I recently visited Iceland on a five day Road Scholar trip led by a delightful guide named Harpa (who is also an artist) and a wonderfully capable woman bus driver named Steinunn (who also cooks meals for children at a school). I thought you’d be interested to learn a bit about this fairly new country.
Iceland is a beautiful, Scandinavian country with hardy people. The land itself is harsh but the inhabitants have made it work for them. It’s one of the windiest places on earth, has relatively few roads (quite narrow), and is prone to earthquakes and volcanic activity. Yet, ever since Justin Bieber made a video in Iceland (2015), tourism has increased greatly. Lots of young folks from all over the world visit, wanting to see what Justin saw and do what he did. In fact, one estimate is that tourism increased 82% over the following two years. Ah, the power of celebrity!
Under Norwegian or Danish rule for centuries, Iceland formally separated from Denmark in 1944 to become a Republic. They have a President whose role is largely ceremonial. In the 80’s-90’s the President was a woman. The Prime Minister (currently a woman) is the head of government. The country’s population is roughly 350,000, two-thirds of whom live in the capital, Reykjavik.
The Eurasian and North American tectonic plates run through Iceland and separate about 2 centimeters each year. This leads to many earthquakes. Volcanic systems dot the landscape and about 30 of the approximately 130 volcanos are active with an eruption roughly every four years. These eruptions can cause havoc with international travel by spewing silica and ash into the atmosphere. One finds geysers and geothermal pools everywhere. Icelanders have taken advantage of the enormous sustainable earth energy and harness it for electricity and home heating. Geothermal plants dot the landscape and the geothermal Blue Lagoon is a spa goers paradise. On the day we visited, it was snowing a bit and as I walked slowly through warm, mineral-laden water I heard many languages and saw many people with mud masks on their faces merrily taking selfies and pictures of their friends. We were advised not to get our hair wet as it would become stiff and sticky because of the silica and other minerals in the water.
Magnificent waterfalls, steaming geysers, and beautiful ice formations greeted us all along the southern coast. We could even walk in the fissure created by the separation of the two tectonic plates in Iceland.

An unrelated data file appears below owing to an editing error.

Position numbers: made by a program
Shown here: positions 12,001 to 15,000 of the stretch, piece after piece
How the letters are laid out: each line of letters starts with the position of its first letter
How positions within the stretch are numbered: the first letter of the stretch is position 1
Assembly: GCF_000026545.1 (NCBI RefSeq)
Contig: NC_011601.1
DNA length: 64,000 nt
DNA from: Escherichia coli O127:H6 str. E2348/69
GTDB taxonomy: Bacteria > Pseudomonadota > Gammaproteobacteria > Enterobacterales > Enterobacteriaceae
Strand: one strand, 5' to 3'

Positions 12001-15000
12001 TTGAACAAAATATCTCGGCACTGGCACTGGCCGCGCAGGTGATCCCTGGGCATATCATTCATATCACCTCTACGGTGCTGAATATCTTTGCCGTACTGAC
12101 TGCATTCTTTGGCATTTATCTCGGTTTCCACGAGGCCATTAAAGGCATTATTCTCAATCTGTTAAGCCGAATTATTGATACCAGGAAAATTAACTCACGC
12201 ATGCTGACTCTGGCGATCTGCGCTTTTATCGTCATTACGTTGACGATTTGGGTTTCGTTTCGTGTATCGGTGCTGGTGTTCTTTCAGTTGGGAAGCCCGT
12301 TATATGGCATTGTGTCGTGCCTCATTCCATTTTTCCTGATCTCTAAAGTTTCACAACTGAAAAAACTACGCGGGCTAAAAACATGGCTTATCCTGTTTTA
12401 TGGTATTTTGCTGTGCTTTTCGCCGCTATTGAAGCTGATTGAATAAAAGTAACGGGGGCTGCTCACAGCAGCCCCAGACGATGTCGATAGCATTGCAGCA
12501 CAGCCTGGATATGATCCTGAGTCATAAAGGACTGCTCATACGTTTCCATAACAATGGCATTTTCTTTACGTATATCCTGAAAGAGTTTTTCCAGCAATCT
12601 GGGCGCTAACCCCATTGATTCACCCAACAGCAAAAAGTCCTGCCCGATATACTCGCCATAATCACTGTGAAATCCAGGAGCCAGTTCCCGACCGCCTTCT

The Arctic fox is the only indigenous mammal and early settlers brought sheep, cattle, goats, and chickens when they immigrated during earlier centuries. I was fascinated with the Icelandic horses who roam freely. They are small by horse standards and very hardy. Some live to be in their 40’s and many have 5 natural gaits. This video shows these gaits. Notice how smoothly the Tolt and Pace gaits are for the rider. Some horses can reach speeds of 30 mph. In fact, one sporting race requires the rider to hold a full glass of beer while racing around the track. A decision was made early in Iceland’s history to ban other breeds of horses and sheep from entering Iceland in order to keep the herds pure and healthy. When a horse is taken out of the country to compete in races or shows, it cannot return as they might bring back disease for which the native population has no immunity.
The gentleman on the book cover at the left is now in his 90’s, still driving. When he was a teenager, he went to various farms asking for things people were ready to get rid of. He continued asking and gradually built a fascinating museum that records much of Iceland’s history. There are even houses showing earlier ways of life. The mitten has two thumbs because fishermen rowed out into the sea. When one thumb covering got too worn, the rower could just switch to a fresh thumb cover. You can see the oil skin coveralls draped over part of the boat. These were made of animal skins and to make them pliable, the men rubbed the skins with cod liver oil, thus the word “oilskins”. The smell was so nauseating that no one ate before going to sea. A HARD life.
Seeing the Northern Lights when you visit is a matter of luck. The sky must be clear and dark (often not the case). AND, the sun must have shot off magnetic particles about 18 hours before you are watching for the lights to appear. Although I didn’t get any pictures due to “operator ignorance about camera settings”, our group lucked out and saw the lights. The first night there were faint green streaks arcing across the sky for about 20 minutes. It was freezing cold with a strong wind. The second night the moon rose late and we were entertained with dancing green lights for about an hour. A wish fulfilled for me!